A small, quite wonderful story about manners and morals and the different kinds of love: Colgate's best since The Shooting Party (1981).
When Edith Ashby drives down from London to visit her younger brother, now in his 50s, the January weather is bleak as usual, but the rather forbidding farmhouse in which both grew up seems inordinately welcoming. And so does Alfred. Actually, that’s no surprise. It’s been a while, and though they disagree about virtually everything, the fact is they love each other. Brisk, efficient Edith, a stranger to indecision, objects to Alfred’s laid-back lifestyle, what she considers his undue passivity. Yes, he’s a well-known photographer, but what’s that really? You point and click. It’s not art, after all, despite the hyperbole. Meanwhile, what Alfred objects to is Edith’s immoderate energy. She keeps wanting to make things happen, to change things—thanks precisely to that part of her personality that got her elected to the House of Commons, an accomplishment he’s prouder of than she is. Still, he hates being the focus of her attention. There's minimal story here, but, nevertheless, during Edith’s short stay much is revealed about these two siblings. Points of view shift effortlessly—with Edith and Alfred traveling back and forth in time—as we learn about Edith’s two marriages, both troubled, though considerably at variance; about Alfred’s love affair, passionate, poignant, permanently wounding; about their parents, a relationship in which discord was nonexistent, as if by fiat. And about England—specifically, its 60 years of transition from a great power to a nation reinventing itself in the hope of becoming viable.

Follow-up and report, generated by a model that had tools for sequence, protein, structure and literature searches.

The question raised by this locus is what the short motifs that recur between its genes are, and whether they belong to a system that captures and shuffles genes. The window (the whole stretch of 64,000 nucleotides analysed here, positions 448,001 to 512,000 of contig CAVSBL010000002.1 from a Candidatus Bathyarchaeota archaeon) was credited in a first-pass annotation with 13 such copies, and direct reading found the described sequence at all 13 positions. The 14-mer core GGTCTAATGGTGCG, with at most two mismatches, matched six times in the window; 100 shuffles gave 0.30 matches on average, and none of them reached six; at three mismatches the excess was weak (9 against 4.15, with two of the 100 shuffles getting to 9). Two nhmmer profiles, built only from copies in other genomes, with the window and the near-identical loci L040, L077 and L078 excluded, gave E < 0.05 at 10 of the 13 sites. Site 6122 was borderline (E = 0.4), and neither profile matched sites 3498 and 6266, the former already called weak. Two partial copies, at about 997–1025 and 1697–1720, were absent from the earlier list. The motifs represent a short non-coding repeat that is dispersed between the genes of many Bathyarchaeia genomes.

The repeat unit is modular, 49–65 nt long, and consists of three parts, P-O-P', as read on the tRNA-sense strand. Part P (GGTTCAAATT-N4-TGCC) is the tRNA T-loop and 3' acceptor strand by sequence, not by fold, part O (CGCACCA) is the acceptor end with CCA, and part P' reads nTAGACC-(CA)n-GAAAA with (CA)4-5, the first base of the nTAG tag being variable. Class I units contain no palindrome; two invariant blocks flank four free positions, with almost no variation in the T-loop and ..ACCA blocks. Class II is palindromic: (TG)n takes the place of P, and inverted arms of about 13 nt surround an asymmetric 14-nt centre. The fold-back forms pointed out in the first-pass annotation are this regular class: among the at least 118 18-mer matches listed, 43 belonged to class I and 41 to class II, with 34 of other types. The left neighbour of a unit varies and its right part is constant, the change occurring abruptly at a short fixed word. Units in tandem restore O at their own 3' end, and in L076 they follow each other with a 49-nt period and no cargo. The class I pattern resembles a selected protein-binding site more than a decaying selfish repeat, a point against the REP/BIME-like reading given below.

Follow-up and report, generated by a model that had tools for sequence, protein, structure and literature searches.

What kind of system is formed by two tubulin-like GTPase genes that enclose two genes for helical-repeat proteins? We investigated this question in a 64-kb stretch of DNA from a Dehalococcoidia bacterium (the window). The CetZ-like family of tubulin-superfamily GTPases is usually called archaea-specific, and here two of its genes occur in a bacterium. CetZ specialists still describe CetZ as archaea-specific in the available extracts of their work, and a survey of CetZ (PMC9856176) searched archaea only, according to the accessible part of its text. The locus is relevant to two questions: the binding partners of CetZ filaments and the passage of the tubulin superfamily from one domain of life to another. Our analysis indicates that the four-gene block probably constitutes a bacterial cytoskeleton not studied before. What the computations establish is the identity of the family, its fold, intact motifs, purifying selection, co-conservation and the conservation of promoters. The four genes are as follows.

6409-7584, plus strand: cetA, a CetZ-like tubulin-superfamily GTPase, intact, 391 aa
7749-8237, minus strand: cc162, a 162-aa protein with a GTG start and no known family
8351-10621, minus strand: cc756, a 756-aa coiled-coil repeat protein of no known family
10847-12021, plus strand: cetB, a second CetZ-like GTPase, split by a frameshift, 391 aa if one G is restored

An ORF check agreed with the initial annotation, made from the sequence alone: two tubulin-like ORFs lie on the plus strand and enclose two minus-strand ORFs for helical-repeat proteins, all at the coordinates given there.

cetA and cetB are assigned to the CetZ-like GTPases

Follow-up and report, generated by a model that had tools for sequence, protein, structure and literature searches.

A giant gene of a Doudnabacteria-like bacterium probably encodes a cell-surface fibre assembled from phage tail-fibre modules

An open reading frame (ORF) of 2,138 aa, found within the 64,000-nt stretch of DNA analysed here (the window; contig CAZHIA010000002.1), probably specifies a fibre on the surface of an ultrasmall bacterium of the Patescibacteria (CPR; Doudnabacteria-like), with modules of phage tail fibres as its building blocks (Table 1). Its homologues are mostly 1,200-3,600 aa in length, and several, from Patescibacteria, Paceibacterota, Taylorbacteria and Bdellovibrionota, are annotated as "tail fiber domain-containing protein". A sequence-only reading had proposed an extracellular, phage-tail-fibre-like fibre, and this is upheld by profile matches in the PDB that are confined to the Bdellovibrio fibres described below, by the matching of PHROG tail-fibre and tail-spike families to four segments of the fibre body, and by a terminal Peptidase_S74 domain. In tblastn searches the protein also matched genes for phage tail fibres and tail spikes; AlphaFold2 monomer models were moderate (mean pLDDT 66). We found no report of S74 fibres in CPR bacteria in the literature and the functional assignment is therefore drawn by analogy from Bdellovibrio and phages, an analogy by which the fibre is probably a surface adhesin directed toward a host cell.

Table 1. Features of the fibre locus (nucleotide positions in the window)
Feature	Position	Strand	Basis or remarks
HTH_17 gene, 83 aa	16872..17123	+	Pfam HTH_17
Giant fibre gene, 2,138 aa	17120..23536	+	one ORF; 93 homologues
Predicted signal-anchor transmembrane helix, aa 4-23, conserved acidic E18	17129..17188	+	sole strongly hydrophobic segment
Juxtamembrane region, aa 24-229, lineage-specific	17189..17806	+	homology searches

Colegate’s first to be published here in almost a decade (The Summer of the Royal Visit, 1992, etc.): sharp-eyed yet warm-hearted, unfailingly witty, impeccably written.